Wednesday, June 2, 2010

Tales of The Queen

In my days of early fatherhood, Perfect Wife and I would take the Perfect Children to the Independence Day parade in the nearby suburb of Bexley. The good citizens of said community would dutifully and enthusiastically put on a worthy display, and all would enjoy. We would drive over to the home of my best friend's parents, park, unload, and visit with him and his parents before strolling a couple blocks to our normal viewing site. Afterward we would traverse back to their house and feast on all manner of delectable brunch items.

The surname of my friend was King, and our youngest, Cute Boy (later Handsome Son) was of a sufficiently young age to know a King and a Queen went together even if he did not know their names, and so he would say we were going to visit the King and Queen. They both got a kick out of that.

Sadly, The Queen passed away on Sunday, at age 84, married just shy of 61 years. She was suffering from dementia, a terrible disease.

My main recollections of The Queen were as a housewife, but I found out via her obituary she was a graduate of The Ohio State University, Class of '47, which was somewhat unusual back in those days. I do not know what her degree was in, but it certainly could have been in Talking, because she could really talk!

I coached baseball in the summers with her son, whom I have known since high school. I would take the bus to a stop two blocks from his house, complete with duffel bag for the uniform, and change clothes. The Queen always asked if I wanted anything to eat. I would usually say just a sandwich, but inevitably she would have a meal waiting for me when I came down dressed like a baseball coach. She was always a kind and gracious lady, totally devoted to her husband and son. She was a mother to the world, and everyone was a friend from the moment she met you. She and her husband would travel around town with us watching our high school baseball games, both the ones we played in and the ones we later coached. She always had a positive word no matter how things were going.

Today during and after the funeral service I heard a few more tales about The Queen. She and The King met on a blind date. He said she liked how his uniform looked on him; he liked how she looked in her convertible. They clicked, and the two eventually became one.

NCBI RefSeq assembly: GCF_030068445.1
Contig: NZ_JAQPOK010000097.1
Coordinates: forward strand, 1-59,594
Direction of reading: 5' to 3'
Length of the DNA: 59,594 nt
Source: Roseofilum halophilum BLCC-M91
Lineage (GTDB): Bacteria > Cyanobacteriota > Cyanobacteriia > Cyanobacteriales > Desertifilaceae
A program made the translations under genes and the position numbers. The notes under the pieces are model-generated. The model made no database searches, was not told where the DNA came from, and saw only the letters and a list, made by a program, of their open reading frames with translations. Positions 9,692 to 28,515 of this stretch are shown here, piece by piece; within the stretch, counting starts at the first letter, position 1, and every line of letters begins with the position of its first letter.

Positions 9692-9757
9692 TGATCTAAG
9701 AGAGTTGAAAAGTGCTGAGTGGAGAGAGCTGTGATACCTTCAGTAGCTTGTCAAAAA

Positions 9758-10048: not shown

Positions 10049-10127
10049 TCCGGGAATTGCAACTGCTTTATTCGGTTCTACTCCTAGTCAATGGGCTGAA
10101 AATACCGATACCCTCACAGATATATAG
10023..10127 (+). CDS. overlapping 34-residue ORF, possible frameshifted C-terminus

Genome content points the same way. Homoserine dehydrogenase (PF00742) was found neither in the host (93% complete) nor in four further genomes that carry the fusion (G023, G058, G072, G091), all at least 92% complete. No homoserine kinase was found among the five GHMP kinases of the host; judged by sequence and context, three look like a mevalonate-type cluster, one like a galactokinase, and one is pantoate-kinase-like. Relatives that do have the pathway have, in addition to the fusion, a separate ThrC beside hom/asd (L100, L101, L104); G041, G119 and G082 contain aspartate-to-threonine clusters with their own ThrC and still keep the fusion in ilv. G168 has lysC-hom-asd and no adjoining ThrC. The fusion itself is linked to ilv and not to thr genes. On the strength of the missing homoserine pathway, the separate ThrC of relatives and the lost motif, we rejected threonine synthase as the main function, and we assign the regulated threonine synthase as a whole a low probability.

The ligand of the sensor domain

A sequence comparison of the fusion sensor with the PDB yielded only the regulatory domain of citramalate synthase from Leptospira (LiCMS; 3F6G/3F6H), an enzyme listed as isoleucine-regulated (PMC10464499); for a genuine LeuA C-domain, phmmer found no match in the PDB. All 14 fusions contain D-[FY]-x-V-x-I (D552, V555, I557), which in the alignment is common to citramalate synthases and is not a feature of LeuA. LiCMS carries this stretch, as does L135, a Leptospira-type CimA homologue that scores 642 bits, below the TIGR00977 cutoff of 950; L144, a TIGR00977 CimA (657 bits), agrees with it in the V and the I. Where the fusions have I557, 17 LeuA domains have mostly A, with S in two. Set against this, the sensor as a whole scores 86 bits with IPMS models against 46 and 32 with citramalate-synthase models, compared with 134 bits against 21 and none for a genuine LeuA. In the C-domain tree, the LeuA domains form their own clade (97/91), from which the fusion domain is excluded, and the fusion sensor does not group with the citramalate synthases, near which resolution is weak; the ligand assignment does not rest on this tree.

Her son (I suppose he would be The Prince) told us that once in Houston during the summer (summers in Houston are horrible for heat and humidity) he decided to play golf, and she walked all 18 holes beside him in the heat and humidity. Another golf outing took place on a very hilly course in eastern Ohio, and again she went along with him. As he typically did, he sliced his tee shot on one hole into the right rough. As they were looking for his ball, she came across three she found for him. In the adjoining fairway. All were perfectly placed tee shots from three upset golfers who could not fathom how their drives landed in the fairway but they could not be found. Once The Prince realized what had happened, he had to explain to those nice men that his mother had picked up their balls and given them to him. She had not seen any other golfers around, so she thought they were "lost" balls. The men did get a laugh out of that one.

Her son also coached high school basketball for many years, and he explained how, when games got tight, her nerves would get the better of her. She would cheer harder and louder, and would flail her arms, occasionally (and obliviously) striking one or more people around her. Eventually home team fans began to clear the space around her to protect themselves!

Whenever they traveled they would map out their route to include any Catholic churches along the way, complete with Mass times, so they would not miss out on Mass, especially on Sunday. It got a little dicey in some of the more rural parts of the South where Catholic churches were very few and far between, but they would not be deterred.

When we went to the cemetery today, even though we came to the grave site by a different route, I realized she was to be laid to rest in the same section as my parents, and now whenever I go to see them and all the other relatives nearby, I will be able to go a few rows over and visit an old friend, and think on the good times we shared.

Requiescat in pace, Regina.

1 comment:

  1. Too many of these in our lives now. But the memories live on as cherished as any memory from our own family. We were lucky as we all had multiple sets of 'parents' who loved us.